This is a guest post by Franco, the President and CEO of Foxhole Business Center. As a father of three and a full-time entrepreneur, he believes that there is always an opportunity to be of service to your fellow businessman.
Doing business in the Philippines is good, as one can find a market for almost anything.
Filipinos are voracious consumers and avid supporters of brands and businesses engaged in retail, manufacturing, travel and tourism, food and beverage, IT, BPO, and many other industry-specific services. This means that setting up a business in the Philippines gives you a good fighting chance in achieving your entrepreneurship goals.
But, first things first. Successful business stories do not always happen instantly. Some take years to go in the right direction. Whichever is the case; one thing is sure: doing things right the first time lessens your risk business-wise.
Starting a Business in the Philippines: What You Need to Know
Foxhole PH’s infographic can give you a bird’s-eye view on the different aspects of launching your startup in the Philippines, which include:
1. Registration of Business Name.
If your business falls under the sole proprietorship category, you should register the name of your business entity with the Department of Trade and Industry (DTI). But, if you’re registering a corporation or partnership, the Securities and Exchange Commission (SEC) is in charge of this area.
Thanks to digital technology, you can now simply go online to DTI’s or SEC’s dedicated site for submitting applications for your business name. This conveniently saves you from the trouble of going to the DTI or SEC office to register your business so that you can proceed to the next step.
2. Securing Business Permits.
Securing business permits deals with complying with garbage disposal and other environmental regulations. This requirement applies whether you’re launching a sole proprietorship or a corporation or partnership.
To get your business permits, you have to go to your local barangay and the office of your city mayor, as these two will be issuing your barangay clearance and Mayor’s Permit, respectively, so you can obtain a license to operate in your chosen location, in this case, to run a business in the Philippines.
3. Scouting for Personnel.
Launching your company has a lot to do with matching your business model and the right people to form your pioneer team.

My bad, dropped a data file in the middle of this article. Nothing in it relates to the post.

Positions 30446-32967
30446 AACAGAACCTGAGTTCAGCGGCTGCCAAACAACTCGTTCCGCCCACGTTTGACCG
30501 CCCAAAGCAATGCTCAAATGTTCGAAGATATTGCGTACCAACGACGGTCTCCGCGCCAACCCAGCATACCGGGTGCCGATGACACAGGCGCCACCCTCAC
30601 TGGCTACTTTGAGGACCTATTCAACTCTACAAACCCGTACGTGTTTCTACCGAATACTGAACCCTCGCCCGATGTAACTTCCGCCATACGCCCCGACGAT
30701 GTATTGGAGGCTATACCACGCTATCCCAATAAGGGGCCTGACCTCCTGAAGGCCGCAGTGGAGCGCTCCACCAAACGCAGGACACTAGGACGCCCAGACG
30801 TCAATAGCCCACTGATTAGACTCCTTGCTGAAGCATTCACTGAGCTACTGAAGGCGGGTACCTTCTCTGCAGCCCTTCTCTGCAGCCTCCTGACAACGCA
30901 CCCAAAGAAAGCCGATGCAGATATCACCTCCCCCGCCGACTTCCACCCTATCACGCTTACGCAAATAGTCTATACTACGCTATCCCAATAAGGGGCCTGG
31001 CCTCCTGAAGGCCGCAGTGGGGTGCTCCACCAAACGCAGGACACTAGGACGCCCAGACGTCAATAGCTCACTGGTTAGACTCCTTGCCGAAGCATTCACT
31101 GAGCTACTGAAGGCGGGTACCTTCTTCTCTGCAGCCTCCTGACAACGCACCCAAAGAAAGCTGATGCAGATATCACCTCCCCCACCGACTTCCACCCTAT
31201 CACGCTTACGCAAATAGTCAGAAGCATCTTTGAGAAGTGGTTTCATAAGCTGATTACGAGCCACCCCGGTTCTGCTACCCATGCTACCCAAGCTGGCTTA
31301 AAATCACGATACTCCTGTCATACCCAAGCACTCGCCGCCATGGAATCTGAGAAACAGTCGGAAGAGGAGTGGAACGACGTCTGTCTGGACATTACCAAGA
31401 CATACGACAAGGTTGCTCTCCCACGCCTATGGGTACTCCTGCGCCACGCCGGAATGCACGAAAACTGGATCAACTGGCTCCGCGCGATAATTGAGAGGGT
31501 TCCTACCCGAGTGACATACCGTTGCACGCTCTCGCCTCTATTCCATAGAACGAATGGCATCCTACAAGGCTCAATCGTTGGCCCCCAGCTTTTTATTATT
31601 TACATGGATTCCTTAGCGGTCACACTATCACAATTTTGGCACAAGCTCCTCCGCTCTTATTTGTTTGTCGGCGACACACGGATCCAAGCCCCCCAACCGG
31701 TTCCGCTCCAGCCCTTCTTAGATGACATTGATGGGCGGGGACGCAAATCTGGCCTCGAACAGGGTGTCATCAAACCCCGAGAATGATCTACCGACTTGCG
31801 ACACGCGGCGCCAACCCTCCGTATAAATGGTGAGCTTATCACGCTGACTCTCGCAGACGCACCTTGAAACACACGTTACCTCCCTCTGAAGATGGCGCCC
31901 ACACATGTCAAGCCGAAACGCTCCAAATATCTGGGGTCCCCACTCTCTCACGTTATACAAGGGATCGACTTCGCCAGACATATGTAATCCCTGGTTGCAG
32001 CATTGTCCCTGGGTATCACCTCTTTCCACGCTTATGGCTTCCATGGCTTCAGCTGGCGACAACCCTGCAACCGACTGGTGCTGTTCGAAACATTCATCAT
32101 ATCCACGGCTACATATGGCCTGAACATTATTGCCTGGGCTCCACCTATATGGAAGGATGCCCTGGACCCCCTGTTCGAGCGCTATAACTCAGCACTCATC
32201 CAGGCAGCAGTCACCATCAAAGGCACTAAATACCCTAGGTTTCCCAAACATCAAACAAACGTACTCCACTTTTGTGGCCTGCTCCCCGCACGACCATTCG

Sure, you can ask for referrals from family or friends, but you should never miss on other viable options.
Job search sites can fill your inbox with volumes of applications from job hunters, while the logistics applied in recruitment agencies can help you narrow your search for talent.
If you’re looking to be more visible, you can join social networking events, which are great avenues to introduce your brand or idea to other people who share the same vision or interests. If you’d rather hire fresh and young talent to train, your best alternative is to scout for new graduates from job fairs in colleges and universities nationwide.
4. Choosing Your Office Space.
This part is both exciting and crucial.
Since a startup is like your baby that you want to care for and nurture in the right environment, you’ll want an office space that will give you and your staff all the means to do that.
At the same time, you need to consider things like budget constraints, customer accessibility, productivity among employees, and several other concerns.
Sole proprietorship and the home office setup complement one another very well, while a virtual office or shared spaces may suit small companies at first until the business expands, and the need to rent a traditional office space becomes imminent.
The location of your office space may be in one of the major business centers in the Philippines or a little on the outskirts, and your choice will really depend on your customer profiles and the nature of your business.
For example, you can opt to have a bustling office space in the heart of Makati City for your travel and tours agency, but choose a more remote area to house your manufacturing plant.
Needless to say, you’ll be doing a lot of decision making as you set up shop, whether it’s a business in the Philippines or elsewhere.
To help ease your burden, make sure you have all the right information you need and use it to study your options.
A successful working formula for many companies is largely about applying good business sense and making well-informed decisions—from the tiniest detail to the grander scheme of things.
What about you? Are you planning on running a business in the Philippines?